In the wake of a rebellion that shook Japan twenty years prior, Togame Hida, general director and strategist for the army, seeks to obtain the 12 "deviant blades" created by master swordsmith Shikizaki Kiki to help add stability and security to the Bakufu government. To aid in this endeavor, she looks to enlist the help of Yasuri Mutsune, head of the Kyotou-ryu school and hero of the rebellion. But when she arrives on the island where he lives in exile, she finds him dead, succeeded by his skilled yet slightly daft son Shichika. Undeterred, the two set off from the island in search of the swords armed only with Togami's sharp strategic mind and Shichika's powerful, swordless Kyotou-ryu.
There are only few similarities but significant enough to recommend Katanagatari if you liked Spice'n'wolf and vice versa:
1. the main characters - trust me on this (saying more would be a spoiler)
2. a deep sense of an epic journey, though different in ways, they both have it at the highest quality level
note 1: there's close to zero fighting in Spice'n'Wolf
note 2: there's nothing about trading/economy in Katanagatari
Both of the series follow to two odd characters whom have come to together under strange circumstances and have a lot of fun dialogue between the two of them and the story follows their journey; though their Journeys are different if you enjoyed one, I'd reccommend the other.
Easily the biggest similarity between the two is that both stories are almost completely driven by conversations between the male lead and the female lead with other characters also contributing greatly to the conversations as well. In addition to this both series follow a man and woman as they journey together both in search of something. Also both will have brief periods of action though this is more common in Katanagatari than in Spice and Wolf.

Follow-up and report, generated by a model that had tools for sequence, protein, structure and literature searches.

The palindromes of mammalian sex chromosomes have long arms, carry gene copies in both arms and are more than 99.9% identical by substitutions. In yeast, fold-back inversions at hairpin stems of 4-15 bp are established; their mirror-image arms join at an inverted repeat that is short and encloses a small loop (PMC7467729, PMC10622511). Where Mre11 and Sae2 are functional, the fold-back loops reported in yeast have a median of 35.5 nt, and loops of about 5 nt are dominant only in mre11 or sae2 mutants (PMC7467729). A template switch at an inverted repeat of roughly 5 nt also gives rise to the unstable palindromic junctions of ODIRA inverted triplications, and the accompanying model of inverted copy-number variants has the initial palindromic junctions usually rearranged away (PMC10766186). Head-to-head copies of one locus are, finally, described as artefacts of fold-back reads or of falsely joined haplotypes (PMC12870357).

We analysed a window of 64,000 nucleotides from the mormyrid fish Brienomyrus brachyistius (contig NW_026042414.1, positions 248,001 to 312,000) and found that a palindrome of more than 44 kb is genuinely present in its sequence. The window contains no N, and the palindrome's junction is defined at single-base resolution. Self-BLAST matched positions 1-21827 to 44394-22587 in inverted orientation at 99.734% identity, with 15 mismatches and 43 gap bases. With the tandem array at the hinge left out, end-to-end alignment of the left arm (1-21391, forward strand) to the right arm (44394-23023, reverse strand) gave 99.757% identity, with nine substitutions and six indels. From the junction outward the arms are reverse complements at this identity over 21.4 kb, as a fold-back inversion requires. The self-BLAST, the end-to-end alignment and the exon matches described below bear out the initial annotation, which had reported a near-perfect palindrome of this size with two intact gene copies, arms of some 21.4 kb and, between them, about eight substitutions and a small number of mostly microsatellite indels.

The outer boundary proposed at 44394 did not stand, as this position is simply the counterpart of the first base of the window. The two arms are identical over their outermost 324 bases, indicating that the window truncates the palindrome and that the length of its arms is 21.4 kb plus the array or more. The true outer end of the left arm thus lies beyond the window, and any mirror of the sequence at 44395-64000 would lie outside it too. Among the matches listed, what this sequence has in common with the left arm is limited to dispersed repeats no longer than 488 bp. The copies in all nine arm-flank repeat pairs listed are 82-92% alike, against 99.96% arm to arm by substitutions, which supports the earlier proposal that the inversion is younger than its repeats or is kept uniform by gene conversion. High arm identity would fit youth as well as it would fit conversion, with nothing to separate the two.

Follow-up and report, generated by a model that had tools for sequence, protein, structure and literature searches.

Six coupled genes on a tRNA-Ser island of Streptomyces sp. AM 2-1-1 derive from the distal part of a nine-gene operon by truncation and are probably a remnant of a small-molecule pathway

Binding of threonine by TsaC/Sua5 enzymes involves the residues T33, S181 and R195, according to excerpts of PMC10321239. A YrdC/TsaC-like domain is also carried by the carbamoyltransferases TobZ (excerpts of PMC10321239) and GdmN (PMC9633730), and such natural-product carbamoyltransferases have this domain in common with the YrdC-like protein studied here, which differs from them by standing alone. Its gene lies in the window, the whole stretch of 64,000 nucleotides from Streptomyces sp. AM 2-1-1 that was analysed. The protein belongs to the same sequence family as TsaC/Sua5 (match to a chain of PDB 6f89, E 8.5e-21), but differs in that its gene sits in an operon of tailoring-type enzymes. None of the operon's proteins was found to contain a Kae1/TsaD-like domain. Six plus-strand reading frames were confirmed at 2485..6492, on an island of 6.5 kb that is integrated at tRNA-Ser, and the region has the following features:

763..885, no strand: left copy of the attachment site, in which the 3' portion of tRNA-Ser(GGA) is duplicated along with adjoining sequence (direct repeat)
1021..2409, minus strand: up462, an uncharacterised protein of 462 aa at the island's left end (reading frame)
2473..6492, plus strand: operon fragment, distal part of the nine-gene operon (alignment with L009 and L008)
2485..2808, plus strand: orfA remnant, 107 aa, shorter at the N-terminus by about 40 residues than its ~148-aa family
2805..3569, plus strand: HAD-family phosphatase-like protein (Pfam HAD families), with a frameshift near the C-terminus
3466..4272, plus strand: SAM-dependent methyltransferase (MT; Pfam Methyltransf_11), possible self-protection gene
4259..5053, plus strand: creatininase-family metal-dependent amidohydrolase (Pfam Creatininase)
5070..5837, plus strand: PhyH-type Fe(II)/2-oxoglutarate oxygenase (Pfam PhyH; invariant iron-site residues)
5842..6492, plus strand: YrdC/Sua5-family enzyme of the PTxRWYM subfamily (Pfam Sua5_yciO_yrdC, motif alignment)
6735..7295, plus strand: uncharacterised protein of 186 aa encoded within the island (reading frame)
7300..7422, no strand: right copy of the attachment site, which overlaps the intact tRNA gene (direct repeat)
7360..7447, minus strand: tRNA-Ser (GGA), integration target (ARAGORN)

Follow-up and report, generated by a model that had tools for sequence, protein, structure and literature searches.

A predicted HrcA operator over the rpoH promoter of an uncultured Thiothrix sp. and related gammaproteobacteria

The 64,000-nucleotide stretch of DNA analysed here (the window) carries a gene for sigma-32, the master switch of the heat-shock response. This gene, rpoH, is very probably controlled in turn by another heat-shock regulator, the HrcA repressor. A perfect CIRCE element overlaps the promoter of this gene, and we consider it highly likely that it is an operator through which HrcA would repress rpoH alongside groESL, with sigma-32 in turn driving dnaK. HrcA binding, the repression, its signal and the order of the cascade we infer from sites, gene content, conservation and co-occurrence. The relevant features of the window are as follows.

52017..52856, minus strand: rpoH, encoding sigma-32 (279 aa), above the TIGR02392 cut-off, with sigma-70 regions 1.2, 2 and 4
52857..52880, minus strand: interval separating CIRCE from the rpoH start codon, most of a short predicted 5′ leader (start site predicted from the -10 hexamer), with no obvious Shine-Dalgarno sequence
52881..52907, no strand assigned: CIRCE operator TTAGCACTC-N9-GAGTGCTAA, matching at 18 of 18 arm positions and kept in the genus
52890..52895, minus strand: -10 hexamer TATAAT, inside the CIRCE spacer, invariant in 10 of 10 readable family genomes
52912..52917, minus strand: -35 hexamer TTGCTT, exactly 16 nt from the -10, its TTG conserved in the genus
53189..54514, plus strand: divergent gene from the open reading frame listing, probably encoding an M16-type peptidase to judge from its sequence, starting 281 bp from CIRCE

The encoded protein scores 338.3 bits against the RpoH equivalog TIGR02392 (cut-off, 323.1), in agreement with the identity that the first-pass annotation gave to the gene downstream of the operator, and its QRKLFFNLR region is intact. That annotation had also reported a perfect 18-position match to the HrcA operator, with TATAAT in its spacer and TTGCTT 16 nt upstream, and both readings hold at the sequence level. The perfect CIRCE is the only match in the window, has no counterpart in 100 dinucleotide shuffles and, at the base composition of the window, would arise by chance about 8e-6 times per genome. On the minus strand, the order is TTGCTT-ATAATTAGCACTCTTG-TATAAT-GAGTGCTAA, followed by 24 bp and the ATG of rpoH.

Both series are about a man and a woman on a journey together, and mostly about the interactions between them(They're talking mostly, don't get the wrong idea). Katanagatari has more action involved in it, while spice and wolf has the edge on character development(IMO).
If you liked one, check out the other.
Katanagatari is a good follow-up to Spice and Wolf if you're looking for another show with a central couple whose dialogue and co-dependence are a central feature of the narrative. Horo and Lawrence have a steady, teasing relationship that's highly appealing, and Togame and Shichika will deliver more of that with a stronger comedic bent.
These series both focus on the relationship between the two main characters as they go on a quest. As the series progresses, you realize that they have an odd relationship, but grow to appreciate it. If you like the journey and the relationship between the two leads in one series, the other is worth checking out.